Monday, March 23, 2009

Fishermen concerned about ocean pollution

By Pete DupuySunday, March 22, 2009

Beach closures for failing water quality have become fairly common in Southern California, especially during the rainy season. That’s when accumulated pesticides, herbicides, road runoff, bacteria and other assorted water pollutants are flushed out of watersheds and into coastal waters where swimmers, surfers and fishermen abound.
Unfortunately, Ventura County beaches are no stranger to these conditions. The little signs over storm drains aren’t fibbing when they warn about flowing to the ocean.
During wet-season sampling last year, beaches near the mouths of the Ventura and Santa Clara rivers sometimes indicated a water quality report card grade of “F,” according to Heal the Bay, which reports on regular beach-water testing.
That’s why local Ventura and Southern California fishermen are raising the pollution issue in conjunction with the race to make new no-fishing zones along our beaches and reefs. The rush to place large swaths of coastal access off-limits to fishing has no comparable effort in the water-quality improvement arena, so there’s now a golden opportunity in the current process to address this important ocean-health indicator.
In this new era of ecosystem management, we can no longer afford to put new regulations in place that do not address the cumulative coastal water pollution issue. These new proposed regulations must do double-duty and incorporate protection for water quality as they protect ocean life from harvest.
Recent polls indicate that Californians agree new regulations should create environmental benefit versus putting small family fishermen out of business or further restricting access for recreation and local-caught seafood.
But so far, officials in charge of the implementation of the Marine Life Protection Act — which will be finalized for Southern California later this year — have turned a blind eye to the pollution problem, tacitly condoning runoff of pesticides, herbicides and fertilizers, city street waste, industrial wastes and other accumulating pollutants that continue to flow into our coastal waters.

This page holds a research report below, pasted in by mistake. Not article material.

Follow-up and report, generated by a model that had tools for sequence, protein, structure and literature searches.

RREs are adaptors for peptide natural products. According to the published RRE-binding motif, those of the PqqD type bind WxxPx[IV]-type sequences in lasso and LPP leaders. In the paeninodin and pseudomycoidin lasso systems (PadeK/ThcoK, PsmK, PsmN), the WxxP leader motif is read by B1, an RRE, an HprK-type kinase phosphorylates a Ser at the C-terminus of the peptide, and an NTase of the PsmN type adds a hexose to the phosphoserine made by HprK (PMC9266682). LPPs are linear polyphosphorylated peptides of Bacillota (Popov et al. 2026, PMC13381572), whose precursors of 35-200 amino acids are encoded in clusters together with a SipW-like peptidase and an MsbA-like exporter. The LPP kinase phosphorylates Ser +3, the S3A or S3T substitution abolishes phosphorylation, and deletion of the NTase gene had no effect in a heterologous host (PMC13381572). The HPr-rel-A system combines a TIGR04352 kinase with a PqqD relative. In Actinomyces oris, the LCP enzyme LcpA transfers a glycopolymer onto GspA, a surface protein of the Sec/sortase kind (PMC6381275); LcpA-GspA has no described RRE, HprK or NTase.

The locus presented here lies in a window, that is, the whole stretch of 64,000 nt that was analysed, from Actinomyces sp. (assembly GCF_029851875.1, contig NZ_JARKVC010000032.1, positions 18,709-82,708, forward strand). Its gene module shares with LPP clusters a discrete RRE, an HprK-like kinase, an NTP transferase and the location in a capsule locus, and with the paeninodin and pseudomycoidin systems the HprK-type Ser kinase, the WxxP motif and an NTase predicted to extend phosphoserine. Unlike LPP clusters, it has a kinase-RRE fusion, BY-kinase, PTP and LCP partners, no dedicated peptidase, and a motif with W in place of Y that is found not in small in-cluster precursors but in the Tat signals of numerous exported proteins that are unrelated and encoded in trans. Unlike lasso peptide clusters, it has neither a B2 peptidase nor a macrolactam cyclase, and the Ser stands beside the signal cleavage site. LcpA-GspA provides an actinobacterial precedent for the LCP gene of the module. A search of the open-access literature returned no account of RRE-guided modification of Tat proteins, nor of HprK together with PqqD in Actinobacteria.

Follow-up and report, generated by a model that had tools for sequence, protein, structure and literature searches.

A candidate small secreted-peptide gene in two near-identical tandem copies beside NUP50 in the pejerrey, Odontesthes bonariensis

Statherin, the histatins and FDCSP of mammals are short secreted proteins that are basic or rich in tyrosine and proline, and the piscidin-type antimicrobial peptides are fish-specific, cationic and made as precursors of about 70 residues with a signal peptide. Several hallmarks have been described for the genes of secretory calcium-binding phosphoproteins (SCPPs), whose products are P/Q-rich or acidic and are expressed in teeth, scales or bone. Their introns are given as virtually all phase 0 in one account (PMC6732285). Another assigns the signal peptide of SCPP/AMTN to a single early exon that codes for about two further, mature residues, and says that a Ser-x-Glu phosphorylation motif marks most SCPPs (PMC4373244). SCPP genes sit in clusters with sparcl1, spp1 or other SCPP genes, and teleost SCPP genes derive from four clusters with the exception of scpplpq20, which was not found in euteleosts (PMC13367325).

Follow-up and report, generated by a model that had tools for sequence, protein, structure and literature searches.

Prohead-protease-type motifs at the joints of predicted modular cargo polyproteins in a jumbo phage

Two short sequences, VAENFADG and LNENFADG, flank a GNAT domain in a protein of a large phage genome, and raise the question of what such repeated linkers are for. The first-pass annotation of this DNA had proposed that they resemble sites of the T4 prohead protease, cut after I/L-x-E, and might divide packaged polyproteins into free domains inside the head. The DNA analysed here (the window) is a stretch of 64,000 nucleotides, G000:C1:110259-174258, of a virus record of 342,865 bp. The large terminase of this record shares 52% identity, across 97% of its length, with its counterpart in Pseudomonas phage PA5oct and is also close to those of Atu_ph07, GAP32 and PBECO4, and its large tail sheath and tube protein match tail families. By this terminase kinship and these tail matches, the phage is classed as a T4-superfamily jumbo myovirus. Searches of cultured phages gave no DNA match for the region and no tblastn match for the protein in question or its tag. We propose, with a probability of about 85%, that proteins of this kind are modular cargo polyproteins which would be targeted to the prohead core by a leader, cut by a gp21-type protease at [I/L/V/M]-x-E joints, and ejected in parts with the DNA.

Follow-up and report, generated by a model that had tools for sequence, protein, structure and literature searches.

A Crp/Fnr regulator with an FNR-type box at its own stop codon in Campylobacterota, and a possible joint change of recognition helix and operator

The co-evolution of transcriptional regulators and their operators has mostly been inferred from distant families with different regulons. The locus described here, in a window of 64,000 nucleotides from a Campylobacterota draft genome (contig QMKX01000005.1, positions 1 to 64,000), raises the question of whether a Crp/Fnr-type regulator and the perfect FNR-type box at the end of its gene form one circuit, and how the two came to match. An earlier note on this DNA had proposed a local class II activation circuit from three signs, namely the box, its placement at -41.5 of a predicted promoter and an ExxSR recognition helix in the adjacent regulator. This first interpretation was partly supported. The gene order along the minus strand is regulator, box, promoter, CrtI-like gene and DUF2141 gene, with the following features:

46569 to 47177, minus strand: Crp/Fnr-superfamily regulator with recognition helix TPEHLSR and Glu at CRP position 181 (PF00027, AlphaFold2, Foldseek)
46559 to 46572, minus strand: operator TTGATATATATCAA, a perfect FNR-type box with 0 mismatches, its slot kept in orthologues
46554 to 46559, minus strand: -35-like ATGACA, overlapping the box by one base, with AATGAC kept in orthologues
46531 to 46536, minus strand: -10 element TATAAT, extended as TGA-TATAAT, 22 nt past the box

Apparently, only adding more no-fishing regulations will magically create healthy oceans. But, back to reality, if pollution is not addressed, the negative consequences will continue to add up, as many scientific indicators now show.
A recent study at CSU Long Beach showed that California sea lions have high levels of DDT and PCBs, both of which were banned decades ago but linger in waters and sediments.
Another recent study showed that mixtures of commonly used pesticides at concentrations found in local waters can be lethal to salmon and steelhead — and presumably many other types of fish — at low levels where any single one of the pesticides are not lethal.
But let’s not lay all the blame on the use of pesticides. After all, Ventura is proud of its agricultural heritage — growers in just the Santa Clara River watershed alone sell over a billion dollars worth of products a year, and the Ventura River watershed is likewise very productive. Much of this productivity is reliant upon the regular application of pesticides and herbicides.
We must work together to formulate a comprehensive and equitable plan to address ocean protection. To that end, local recreational and commercial fishermen have been working cooperatively with other interested groups to arrive at an agreement on a network of reserves that promotes ocean health and fishing areas simultaneously. Marine reserves can be used to benefit coastal ocean water quality and sustainable fisheries at the same time.
That’s why we’re urging all stakeholders to join with fishermen and make our collective voices heard. Without good water-quality protections, restrictive marine reserves will do little for the overall health of our coastal waters.
Hopefully, the governor-appointed representatives of the Marine Life Protection Act’s Blue Ribbon Task Force will recognize this critically important point and make the right choices for water quality as the marine reserves process moves forward in Southern California.
— Pete Dupuy of Tarzana owns Ventura Fish Company in Ventura. He has fished commercially for shrimp, prawns, swordfish, albacore and other pelagic species for more than 40 years in Southern California waters, out of Ventura Harbor for the last 25.

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